For all the headline grabbing that hedge funds and exchange-traded funds have done over the last few years, their pace of growth remains surprisingly far behind that of everyday mutual funds.
Citing data from the Investment Company Institute in Washington, Bloomberg News columnist Chet Currier reports that as of mid-2005 assets of worldwide mutual funds was $16.4 trillion, up from the $14.5 trillion during the same period last year. That increase is greater than the total $1 trillion managed by hedge funds and the $360 million in ETF assets combined.
While hedge funds have been growing faster in percentage terms, they would need to sustain their current pace over many years to catch up to mutual funds. That's highly unlikely. Besides, as long-only investment vehicles, mutual funds have several "tides on their side," Currier suggests. In short, hedge funds rely mostly on their management expertise, while mutual funds take advantage rising stock prices, the flow of dividends from stocks and interest payments from bonds.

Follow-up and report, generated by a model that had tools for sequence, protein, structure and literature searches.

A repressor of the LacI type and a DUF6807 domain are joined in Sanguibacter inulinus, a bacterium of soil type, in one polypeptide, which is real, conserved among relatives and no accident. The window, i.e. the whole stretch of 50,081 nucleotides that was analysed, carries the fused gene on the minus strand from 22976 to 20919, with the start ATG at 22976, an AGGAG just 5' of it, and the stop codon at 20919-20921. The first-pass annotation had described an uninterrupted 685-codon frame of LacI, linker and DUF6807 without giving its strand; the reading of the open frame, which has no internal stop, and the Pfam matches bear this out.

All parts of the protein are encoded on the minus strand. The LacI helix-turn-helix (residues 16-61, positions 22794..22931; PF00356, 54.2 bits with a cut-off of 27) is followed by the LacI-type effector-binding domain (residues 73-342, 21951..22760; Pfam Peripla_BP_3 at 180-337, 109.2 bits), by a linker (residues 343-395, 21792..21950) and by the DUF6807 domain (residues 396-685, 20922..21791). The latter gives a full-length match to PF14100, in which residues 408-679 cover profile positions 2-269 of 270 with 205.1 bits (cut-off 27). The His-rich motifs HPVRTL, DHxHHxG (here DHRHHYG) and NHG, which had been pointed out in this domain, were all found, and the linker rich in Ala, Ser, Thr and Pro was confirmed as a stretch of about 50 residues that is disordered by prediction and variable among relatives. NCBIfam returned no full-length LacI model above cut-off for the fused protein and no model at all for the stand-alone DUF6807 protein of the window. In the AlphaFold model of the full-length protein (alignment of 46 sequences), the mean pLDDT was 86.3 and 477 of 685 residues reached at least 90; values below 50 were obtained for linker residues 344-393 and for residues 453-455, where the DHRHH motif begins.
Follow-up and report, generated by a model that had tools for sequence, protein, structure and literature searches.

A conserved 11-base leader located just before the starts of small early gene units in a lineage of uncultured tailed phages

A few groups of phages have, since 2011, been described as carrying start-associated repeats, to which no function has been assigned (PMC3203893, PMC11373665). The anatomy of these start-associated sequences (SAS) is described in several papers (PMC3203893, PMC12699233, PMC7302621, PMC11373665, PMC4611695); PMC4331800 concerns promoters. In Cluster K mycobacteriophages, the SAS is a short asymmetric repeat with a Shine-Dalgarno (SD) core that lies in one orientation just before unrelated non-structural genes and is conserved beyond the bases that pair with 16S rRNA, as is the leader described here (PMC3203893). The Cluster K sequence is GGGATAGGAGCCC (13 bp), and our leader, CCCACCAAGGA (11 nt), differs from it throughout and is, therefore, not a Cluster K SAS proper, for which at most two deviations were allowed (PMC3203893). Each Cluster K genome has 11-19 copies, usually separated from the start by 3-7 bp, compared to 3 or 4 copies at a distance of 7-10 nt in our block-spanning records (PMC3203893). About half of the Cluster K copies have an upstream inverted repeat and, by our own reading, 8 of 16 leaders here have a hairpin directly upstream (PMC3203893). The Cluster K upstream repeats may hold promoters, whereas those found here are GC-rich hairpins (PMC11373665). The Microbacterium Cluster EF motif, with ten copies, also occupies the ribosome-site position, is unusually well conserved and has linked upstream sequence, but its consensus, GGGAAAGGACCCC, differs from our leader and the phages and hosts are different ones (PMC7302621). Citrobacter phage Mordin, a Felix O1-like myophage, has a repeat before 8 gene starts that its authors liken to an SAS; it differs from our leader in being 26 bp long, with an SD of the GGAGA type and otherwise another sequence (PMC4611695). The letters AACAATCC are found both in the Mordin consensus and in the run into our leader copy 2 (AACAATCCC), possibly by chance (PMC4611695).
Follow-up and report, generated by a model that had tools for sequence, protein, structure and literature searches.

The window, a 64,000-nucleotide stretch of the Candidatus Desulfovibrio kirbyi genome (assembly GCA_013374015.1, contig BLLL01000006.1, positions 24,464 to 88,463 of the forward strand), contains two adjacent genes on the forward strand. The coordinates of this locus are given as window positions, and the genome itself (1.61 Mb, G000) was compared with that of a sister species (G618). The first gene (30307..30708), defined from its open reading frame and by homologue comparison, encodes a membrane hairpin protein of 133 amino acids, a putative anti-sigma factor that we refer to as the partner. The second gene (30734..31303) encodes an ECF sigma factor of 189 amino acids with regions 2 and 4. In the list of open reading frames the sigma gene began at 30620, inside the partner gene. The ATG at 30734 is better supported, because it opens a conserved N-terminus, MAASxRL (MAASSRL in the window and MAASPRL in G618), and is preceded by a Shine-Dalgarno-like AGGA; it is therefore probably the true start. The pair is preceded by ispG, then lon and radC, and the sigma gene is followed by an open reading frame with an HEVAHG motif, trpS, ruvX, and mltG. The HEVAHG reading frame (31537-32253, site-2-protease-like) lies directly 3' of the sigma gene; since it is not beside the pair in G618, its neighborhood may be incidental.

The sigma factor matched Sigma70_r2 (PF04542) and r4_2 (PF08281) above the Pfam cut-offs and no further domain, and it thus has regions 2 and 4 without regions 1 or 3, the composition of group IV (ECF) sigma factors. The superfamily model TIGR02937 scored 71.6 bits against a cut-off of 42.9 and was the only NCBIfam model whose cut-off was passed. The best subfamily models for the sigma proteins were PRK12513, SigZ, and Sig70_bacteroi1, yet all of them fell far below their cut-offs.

Sure, a sustained lull in returns on stocks and bonds might slow the growth of mutual funds, but "relentless financial market weakness" would in time doom any investment product, Currier added. But, he offers this ironic caveat, too: immense size can also limit maneuverability, so a mutual fund's greatest advantage might also be its greatest risk.